Independence, not separation.
by Elias Blum
Independence is not separation. Scotland would continue to be part of Britain, even after leaving the United Kindgom.
Norway did not ‘leave Scandinavia’ on becoming an independent state in 1905. It is an active member of the Nordic Council and co-operates closely with its neighbours across a range of areas of common concern.
Jamaica did not ‘leave the Caribbean’ after independence from the Federation of the West Indies in 1962. There is still a West Indian cricket team, a University of the West Indies, and a Caribbean Court of Justice.
Likewise, Scots in an independent state would continue to have close cultural, social, economic, family and linguistic ties with the rest of the British Isles, and would share in various British-wide institutions:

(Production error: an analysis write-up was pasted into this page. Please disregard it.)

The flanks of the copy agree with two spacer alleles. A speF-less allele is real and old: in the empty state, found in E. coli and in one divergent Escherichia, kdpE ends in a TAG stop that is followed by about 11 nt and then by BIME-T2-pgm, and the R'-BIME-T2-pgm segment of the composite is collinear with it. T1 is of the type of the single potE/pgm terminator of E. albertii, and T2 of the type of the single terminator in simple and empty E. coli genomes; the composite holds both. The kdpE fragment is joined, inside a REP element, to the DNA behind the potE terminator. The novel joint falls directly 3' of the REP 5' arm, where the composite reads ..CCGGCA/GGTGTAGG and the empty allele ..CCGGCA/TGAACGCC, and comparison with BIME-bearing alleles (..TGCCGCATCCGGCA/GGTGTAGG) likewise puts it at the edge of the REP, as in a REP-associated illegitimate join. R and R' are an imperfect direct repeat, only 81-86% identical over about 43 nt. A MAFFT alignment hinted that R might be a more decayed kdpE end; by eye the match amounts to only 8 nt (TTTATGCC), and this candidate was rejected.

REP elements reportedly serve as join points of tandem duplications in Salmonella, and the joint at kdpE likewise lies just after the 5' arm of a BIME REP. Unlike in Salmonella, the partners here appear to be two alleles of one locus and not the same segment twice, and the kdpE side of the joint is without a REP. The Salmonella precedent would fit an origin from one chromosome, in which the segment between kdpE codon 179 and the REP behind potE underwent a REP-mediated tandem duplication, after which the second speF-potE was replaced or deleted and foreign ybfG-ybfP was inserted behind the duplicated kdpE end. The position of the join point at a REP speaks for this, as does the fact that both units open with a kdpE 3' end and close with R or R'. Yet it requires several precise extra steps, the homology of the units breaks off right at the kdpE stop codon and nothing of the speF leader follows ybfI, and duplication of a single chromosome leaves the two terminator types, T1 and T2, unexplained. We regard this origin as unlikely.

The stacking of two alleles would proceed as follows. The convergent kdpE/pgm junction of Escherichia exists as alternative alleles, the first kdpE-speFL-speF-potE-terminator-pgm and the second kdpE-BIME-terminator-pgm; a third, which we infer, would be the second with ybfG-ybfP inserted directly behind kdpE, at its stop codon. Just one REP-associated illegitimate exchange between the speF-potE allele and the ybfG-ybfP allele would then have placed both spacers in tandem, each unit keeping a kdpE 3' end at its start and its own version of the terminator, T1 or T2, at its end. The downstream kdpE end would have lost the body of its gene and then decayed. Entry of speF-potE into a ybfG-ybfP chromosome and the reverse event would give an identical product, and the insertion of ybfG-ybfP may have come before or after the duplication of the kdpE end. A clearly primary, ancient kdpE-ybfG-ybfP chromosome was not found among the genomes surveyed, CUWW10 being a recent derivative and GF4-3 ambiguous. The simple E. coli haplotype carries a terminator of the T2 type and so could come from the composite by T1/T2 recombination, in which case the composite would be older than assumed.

- Scotland would co-operate with the other jurisdictions of the British Isles through the British-Irish Council (the secretariat of which is already based in Edinburgh).
- There would, at least for a transitional period, be some shared services, paid for jointly by the governments north and south of the border under mutually agreed contractual arrangements.
- It is expected that the existing reciprocal arrangements with regard to freedom of travel and dual citizenship between the UK and Ireland would also be extended to an independent Scotland.
- Scotland would use its own pound sterling – just like the Falkland Islands pound, the Gibraltar pound, the Isle of Man pound, the Jersey pound.
Voting YES to independence is not voting for separation, but for a mature, free, partnership of equals.